“A lot of [the police] individually appreciate why we’re here,” said Michael Thompson, who joined Occupy DC about a month ago. ”This isn’t personal.”
Still, police used promised new tactics to handle crowds during an early afternoon protest Tuesday; this time, it meant using horses to keep demonstrators on sidewalks.
The previously non-confrontational relationship between protesters and police was disrupted Friday night when a motorist struck a group of protesters and was released without citation during a protest at the Walter E. Washington Convention Center. Occupy DC protesters have since protested outside of police headquarters and released footage of what they say is violent behavior from police officers.
Nearby, after a press conference announcing new campaign D.C statehood, Mayor Vincent C. Gray (D) said he still sympathizes with the goals of Occupy DC but said city officials plan to reach out to the protesters try to guarantee a peaceful coexistence between them and residents.
“We’ve got to make sure that the functions of this city go on,” Gray said. “We are going to talk with them and see what we can work out so they stay within the limits and that we preserve the limits of the people of the city.”
On Tuesday, Occupy DC lent assistance to D.C. Jobs or Else, a group protesting a perceived lack of local District hiring practices, for a march to the CityCenterDC construction site. The group has previously protested District construction projects including the 11th Street Bridge reconstruction and the U.S. Coast Guard redevelopment project at the campus of St. Elizabeths hospital.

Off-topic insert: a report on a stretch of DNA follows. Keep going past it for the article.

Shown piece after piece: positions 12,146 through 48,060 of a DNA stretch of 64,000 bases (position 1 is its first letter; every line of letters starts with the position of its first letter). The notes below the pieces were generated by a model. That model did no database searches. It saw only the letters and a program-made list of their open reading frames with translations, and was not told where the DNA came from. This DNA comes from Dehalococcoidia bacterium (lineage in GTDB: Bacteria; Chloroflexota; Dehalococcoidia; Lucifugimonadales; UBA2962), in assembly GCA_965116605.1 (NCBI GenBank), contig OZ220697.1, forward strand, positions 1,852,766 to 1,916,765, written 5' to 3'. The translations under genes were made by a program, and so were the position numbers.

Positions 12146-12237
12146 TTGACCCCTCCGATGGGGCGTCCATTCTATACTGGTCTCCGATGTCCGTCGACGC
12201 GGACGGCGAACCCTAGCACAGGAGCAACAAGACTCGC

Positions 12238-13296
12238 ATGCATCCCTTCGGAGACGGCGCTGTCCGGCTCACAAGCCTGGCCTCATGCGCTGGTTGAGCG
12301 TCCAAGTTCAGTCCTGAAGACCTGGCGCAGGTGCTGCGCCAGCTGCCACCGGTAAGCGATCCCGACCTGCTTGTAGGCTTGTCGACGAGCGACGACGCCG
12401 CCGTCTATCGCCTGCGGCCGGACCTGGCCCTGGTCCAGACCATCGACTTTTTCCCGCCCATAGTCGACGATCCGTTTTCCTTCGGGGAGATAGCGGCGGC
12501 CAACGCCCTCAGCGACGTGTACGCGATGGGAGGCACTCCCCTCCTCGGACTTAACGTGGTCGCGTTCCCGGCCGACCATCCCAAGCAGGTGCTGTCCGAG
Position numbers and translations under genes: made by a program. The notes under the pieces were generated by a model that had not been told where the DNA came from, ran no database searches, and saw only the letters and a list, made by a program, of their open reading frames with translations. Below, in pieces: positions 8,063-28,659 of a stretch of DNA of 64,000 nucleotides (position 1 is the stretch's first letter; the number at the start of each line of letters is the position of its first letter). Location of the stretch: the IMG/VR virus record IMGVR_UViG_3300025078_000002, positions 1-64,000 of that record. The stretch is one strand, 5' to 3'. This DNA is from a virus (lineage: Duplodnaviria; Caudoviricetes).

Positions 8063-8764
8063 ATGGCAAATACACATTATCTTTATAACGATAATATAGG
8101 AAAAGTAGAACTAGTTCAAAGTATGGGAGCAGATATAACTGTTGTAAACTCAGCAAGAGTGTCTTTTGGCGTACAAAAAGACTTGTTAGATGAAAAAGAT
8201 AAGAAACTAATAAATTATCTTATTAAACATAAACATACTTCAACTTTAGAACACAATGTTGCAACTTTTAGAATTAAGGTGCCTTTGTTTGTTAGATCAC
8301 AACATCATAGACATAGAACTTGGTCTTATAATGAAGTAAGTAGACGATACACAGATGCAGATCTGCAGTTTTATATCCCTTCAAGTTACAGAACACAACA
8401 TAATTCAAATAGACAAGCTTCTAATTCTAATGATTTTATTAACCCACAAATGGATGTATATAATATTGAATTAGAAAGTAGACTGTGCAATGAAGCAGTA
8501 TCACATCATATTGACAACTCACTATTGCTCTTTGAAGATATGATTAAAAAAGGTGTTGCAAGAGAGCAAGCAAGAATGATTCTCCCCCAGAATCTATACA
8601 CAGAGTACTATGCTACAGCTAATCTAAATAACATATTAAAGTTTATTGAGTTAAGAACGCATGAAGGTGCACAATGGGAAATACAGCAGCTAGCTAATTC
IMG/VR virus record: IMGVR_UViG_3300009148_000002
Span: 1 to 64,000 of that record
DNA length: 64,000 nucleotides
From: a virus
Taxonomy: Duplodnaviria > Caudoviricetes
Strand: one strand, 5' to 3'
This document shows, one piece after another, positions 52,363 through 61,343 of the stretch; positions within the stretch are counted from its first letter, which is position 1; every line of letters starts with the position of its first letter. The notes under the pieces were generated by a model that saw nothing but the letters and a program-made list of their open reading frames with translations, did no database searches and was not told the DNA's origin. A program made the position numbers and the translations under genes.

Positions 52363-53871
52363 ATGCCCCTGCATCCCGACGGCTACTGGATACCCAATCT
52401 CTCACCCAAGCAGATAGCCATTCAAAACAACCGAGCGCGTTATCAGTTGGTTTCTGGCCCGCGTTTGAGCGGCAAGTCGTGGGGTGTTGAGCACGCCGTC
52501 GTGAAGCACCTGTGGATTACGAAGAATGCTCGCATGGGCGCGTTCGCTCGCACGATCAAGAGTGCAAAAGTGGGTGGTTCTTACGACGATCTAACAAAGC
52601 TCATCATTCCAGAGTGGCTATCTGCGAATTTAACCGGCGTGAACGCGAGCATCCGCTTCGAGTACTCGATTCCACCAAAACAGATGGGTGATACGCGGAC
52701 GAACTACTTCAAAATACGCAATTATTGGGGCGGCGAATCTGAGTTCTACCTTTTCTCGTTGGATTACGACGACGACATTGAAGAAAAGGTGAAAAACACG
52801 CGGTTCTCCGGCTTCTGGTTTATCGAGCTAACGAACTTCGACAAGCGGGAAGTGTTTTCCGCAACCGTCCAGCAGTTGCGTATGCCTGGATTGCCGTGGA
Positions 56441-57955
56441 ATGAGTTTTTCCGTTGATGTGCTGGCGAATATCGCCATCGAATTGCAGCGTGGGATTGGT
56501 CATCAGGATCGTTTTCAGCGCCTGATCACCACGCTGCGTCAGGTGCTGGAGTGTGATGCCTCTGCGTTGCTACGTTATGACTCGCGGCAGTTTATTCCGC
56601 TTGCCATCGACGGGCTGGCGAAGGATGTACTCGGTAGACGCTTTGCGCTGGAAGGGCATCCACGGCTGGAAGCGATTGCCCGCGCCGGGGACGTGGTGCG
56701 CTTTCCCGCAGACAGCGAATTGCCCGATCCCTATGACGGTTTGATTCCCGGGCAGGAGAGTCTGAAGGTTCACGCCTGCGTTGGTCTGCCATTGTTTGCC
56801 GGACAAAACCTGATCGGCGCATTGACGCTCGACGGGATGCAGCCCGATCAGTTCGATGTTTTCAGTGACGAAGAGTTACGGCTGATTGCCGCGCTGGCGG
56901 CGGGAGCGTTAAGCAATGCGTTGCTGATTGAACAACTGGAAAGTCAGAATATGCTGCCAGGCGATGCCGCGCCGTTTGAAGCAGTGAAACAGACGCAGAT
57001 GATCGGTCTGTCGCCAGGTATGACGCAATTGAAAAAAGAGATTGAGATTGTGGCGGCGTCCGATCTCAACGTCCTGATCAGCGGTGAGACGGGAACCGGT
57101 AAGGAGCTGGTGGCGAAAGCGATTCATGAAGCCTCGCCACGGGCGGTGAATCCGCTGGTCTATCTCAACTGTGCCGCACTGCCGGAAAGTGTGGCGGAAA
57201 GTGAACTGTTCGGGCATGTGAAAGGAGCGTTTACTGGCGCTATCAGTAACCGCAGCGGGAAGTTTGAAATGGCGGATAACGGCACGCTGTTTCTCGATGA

“We wanted to bring people together who would probably have never met,” said organizer Rev. George Gilbert.
Arsenio Rodriguez, 24, visited the protest after speaking to Gray after the press conference. He wanted to tell the mayor that the group was nonviolent.
“I said Occupy DC is peaceful,” Rodriguez, who has been living at McPherson Square for four days.
Organizers said protesters from the Occupy Wall Street movement in New York will soon be making a two-week trek to McPherson Square — it’ll be called “Occupy the Highway.”
The New York protesters are set to arrive Nov. 22.
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